Ice covering more than half of the visible sea surface.
an area of floating islands of ice that form floes a few feet wide to ice islands miles across. These islands drift in the center of the Arctic Ocean and occasionally drift South as far as Newfoundland.
An area of sea-ice other than fast ice, no matter what form it takes or how it is disposed.
Ice that is not anchored to land and which moves with ocean currents and wind.
The core of the Arctic Ocean, half of which melts and refreezes each year.
Sea water which freezes and forms into large floes. Also known as sea ice, it is different from icebergs.
a large expanse of floating ice
sea ice made up of a floating mosaic of plates of ice that is free to drift with currents, tides and wind (cf. fast ice).
Broken pieces of floating ice which forms when storms or warmer weather melt the sea ice.
any area of sea, river, or lake ice other than fast ice
long lasting ice cover over ocean water
(Also called ice pack.) All sea ice other than fast ice; thus, sea ice that is capable of substantial motion and deformation.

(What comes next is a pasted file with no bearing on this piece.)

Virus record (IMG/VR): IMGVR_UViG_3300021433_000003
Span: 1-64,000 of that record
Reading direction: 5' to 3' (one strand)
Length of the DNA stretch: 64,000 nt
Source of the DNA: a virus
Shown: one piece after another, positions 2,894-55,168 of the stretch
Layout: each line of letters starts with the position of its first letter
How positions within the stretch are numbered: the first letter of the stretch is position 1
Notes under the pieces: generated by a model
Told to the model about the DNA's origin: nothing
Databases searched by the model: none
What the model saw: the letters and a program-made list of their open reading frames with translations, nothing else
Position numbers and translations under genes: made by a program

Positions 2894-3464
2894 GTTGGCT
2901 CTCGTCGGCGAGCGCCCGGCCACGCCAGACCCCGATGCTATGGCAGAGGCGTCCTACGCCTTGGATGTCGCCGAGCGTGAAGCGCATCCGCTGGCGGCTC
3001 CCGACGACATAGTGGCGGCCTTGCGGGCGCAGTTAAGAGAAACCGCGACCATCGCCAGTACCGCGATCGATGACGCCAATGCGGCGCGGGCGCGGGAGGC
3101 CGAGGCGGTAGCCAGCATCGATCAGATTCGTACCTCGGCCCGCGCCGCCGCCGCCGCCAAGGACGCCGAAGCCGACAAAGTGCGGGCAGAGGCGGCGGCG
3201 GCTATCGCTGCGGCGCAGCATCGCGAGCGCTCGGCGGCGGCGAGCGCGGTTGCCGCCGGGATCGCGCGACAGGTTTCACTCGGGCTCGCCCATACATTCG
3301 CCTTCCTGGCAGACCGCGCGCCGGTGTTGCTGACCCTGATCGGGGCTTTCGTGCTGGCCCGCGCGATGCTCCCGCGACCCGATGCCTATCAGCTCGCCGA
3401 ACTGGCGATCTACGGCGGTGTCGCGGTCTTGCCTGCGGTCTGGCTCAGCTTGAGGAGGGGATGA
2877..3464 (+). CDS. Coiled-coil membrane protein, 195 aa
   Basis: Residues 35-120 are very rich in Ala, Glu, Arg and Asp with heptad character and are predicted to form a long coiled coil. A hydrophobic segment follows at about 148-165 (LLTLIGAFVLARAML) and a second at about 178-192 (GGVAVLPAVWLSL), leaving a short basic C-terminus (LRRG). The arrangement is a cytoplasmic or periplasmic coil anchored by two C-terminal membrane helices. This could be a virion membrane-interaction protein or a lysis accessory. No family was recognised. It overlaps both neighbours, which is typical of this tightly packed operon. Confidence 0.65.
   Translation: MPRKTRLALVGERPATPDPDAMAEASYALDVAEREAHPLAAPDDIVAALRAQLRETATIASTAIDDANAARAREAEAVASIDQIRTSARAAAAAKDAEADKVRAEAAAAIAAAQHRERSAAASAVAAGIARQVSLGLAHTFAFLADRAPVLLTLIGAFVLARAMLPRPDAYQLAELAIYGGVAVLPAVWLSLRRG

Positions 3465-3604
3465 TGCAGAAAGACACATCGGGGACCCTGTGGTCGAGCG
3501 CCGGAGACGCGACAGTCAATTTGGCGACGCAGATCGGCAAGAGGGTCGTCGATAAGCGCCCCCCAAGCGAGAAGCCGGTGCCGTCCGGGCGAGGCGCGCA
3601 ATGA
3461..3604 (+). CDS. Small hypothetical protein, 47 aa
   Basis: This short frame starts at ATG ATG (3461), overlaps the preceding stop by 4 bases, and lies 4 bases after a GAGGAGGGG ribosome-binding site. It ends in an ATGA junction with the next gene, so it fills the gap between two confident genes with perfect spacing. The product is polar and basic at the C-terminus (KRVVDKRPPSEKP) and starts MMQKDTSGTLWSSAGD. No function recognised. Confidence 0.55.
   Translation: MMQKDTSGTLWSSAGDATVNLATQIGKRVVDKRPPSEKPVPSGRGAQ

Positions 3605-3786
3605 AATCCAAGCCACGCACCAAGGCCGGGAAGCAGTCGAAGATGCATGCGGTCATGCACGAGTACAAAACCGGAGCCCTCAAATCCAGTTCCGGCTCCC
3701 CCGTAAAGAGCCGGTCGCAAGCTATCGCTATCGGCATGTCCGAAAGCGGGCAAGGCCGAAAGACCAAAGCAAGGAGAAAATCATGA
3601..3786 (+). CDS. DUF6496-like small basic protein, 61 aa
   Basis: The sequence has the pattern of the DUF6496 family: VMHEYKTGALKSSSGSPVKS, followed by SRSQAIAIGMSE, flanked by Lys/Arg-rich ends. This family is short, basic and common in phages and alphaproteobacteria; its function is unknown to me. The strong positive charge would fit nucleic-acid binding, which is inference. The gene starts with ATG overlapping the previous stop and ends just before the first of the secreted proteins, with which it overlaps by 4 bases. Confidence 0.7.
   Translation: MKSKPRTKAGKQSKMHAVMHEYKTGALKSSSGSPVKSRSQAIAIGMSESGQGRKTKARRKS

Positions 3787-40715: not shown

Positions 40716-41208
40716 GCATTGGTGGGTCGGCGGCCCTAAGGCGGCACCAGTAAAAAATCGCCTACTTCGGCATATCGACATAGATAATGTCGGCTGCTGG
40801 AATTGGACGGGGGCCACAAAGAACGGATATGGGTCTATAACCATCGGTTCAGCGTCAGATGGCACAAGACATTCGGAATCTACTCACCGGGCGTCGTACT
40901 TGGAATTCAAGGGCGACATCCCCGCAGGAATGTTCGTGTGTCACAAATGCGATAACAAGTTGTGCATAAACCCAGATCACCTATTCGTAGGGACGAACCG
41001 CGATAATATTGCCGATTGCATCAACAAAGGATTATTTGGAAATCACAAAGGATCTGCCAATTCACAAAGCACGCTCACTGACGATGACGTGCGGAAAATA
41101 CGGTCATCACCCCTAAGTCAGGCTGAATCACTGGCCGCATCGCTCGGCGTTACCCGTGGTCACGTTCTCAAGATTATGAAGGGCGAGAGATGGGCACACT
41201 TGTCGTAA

1. Floating ice that has been driven together into a single mass. 2. Floating consolidated sea ice that is either detached from land and freely floating, or has been blocked by land-attached ice while drifting past.
Mass of floating pieces of ice driven together to form a solid layer.
Pack ice is large blocks of ice on the surface of the ocean, usually in polar regions. They form when an ice field is broken up by strong waves and wind.
ice that is not attached to the shoreline and drifts in response to winds, currents, and other forces; some prefer the generic term drift ice, and reserve pack ice to mean drift ice that is closely packed.